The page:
A student who attended the Religion and the Challenge of Modernity conference at Grand Valley State University in Michigan earlier this month had this to say about Donniel Hartman’s presentation there:
Donniel Hartman, the first lecturer of the day at this conference, did a very good job not only presenting his thoughts, but introducing a theme that could be common in almost every religion. We all have our challenges with modernity, and it creates multiple identities. When we have these multiple identities, we tend to lose sight of who we really are. Years ago, if you referred to someone as Jewish, you knew everything you needed to know about them. Now-a-days this isn’t necessarily the case. People now have more complex identities.
Members of a cross-denominational group of rabbis from Southern California visiting Israel were quoted in the Jerusalem Post:
“While we may have difficulty praying together, and we do, we can learn together, and now we even teach together,” said Rabbi Laura Geller, from Temple Emanuel in Beverly Hills, who, like many of the other rabbis, spent time studying at Jerusalem’s Hartman Institute.
“The Torah started us as a people, it must unify us as a people,” Kligfeld said.
Rabbi Denise Eger, from the Reform Movement’s Congregation Kol Ami in West Hollywood, is the president of the Los Angeles Board of Rabbis. As the first woman to head the organization in its 72-year history, she knows firsthand the extent to which different streams of Jews can manage to disagree.
“It’s a huge challenge. We have different interpretations of Torah, the laws, the role of women… and yet there are overriding principles,” Eger said. “We might not daven the same way, but at the end of the day, the Shema is the Shema.”
Love and support for Israel is another thing that the rabbis can agree on.
“This trip has been very moving and inspiring for me. It’s a reminder that despite our differences we are united in love for the land and people of Israel,” said Rabbi Mark Diamond, executive vice president of the Board of Rabbis of Southern California. “While we all can’t agree all the time, our connection will always remain the State of Israel.”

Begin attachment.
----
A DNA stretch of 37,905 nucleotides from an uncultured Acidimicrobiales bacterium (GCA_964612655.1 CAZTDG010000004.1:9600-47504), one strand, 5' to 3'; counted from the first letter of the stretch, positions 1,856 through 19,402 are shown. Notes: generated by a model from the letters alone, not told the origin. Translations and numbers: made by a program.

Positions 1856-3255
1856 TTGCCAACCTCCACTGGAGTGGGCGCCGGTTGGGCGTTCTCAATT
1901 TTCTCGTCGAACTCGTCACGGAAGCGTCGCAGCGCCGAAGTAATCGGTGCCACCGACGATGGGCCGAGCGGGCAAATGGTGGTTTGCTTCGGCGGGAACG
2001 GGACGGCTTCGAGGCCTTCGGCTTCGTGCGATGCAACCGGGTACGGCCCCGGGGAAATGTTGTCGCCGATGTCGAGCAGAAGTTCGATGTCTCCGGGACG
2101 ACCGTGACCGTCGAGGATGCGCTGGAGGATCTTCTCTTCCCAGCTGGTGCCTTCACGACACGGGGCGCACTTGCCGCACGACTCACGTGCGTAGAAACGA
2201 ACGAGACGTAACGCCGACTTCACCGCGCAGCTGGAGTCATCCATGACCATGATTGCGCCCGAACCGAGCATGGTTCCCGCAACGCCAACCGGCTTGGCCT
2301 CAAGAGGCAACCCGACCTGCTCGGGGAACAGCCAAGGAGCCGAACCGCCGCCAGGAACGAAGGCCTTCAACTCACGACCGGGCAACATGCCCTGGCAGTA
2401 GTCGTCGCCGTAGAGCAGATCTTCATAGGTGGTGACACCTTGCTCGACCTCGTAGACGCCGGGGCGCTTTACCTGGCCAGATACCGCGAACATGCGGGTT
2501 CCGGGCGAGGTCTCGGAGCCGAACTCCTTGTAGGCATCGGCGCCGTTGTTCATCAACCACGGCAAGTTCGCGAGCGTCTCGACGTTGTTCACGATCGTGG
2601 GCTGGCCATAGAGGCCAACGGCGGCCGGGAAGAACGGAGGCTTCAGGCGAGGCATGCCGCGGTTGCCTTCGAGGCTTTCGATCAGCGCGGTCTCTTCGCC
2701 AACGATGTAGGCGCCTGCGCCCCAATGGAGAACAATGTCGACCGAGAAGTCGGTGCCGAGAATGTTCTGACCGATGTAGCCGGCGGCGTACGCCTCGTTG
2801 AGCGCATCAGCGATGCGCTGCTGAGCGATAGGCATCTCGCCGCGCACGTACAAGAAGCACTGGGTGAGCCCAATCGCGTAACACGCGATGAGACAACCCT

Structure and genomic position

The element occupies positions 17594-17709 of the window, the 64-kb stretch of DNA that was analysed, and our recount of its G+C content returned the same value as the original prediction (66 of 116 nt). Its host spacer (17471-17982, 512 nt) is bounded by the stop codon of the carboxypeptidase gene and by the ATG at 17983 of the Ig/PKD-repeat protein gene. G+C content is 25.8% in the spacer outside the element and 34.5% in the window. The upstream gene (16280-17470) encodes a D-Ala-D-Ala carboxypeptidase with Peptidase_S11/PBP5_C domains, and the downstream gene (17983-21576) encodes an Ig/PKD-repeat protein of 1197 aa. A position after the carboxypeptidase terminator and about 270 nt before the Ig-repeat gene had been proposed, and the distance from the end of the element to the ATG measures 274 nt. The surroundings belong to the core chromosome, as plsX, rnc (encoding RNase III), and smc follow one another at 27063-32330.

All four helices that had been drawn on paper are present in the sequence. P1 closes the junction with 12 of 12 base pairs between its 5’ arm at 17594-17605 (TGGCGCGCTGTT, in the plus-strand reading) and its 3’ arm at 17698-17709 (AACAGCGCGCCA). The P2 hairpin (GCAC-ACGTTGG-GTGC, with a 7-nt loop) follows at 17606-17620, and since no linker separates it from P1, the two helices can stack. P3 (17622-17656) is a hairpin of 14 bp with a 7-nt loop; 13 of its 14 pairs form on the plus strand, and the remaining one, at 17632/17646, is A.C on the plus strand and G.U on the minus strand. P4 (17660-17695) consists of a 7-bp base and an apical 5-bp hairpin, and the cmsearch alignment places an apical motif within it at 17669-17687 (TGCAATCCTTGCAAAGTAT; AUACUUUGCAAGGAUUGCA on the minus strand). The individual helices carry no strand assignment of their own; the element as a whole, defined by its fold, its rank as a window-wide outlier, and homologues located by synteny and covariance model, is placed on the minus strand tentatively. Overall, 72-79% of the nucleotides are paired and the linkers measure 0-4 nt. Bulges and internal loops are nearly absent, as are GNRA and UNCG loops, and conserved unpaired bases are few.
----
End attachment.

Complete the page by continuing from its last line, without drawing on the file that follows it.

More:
Michael Walzer of the Princeton Institute for Advanced Study, and a past participant in Hartman Institute programs, was cited in a lengthy article on “Proportionality in the context of armed conflict” on the Brandeis University International Center for Ethics, Justice and Public Life:
One of the pitfalls of discussing “proportionality” is that it is sometimes better addressed in relation to other principles. In the article “Responsibility and Proportionality in State and Nonstate Wars”, based on remarks delivered February 5, 2009 at the U.S. Army War College, Dr. Michael Walzer (Brandeis ’56) of the argues that it makes no sense to consider proportionality without a thoroughgoing analysis of which side bears responsibility for civilian casualties. The attacking army, Walzer points out, does not bear responsibility if the defenders use civilians as human shields. One of the principles of just war theory, he reminds us, is that warfare cannot be made “morally impossible.”
Walzer’s article is a reminder of the complexity of the proportionality principle, and that its application is not a theoretical process, but depends on close attention to the available facts.
Rabbinical student Drew Kaplan reports on his blog about an appearance by Hartman Institute Senior Fellow Moshe Halbertal before alumni of the American Jewish World Service Rabbinical Student Delegation in New York recently: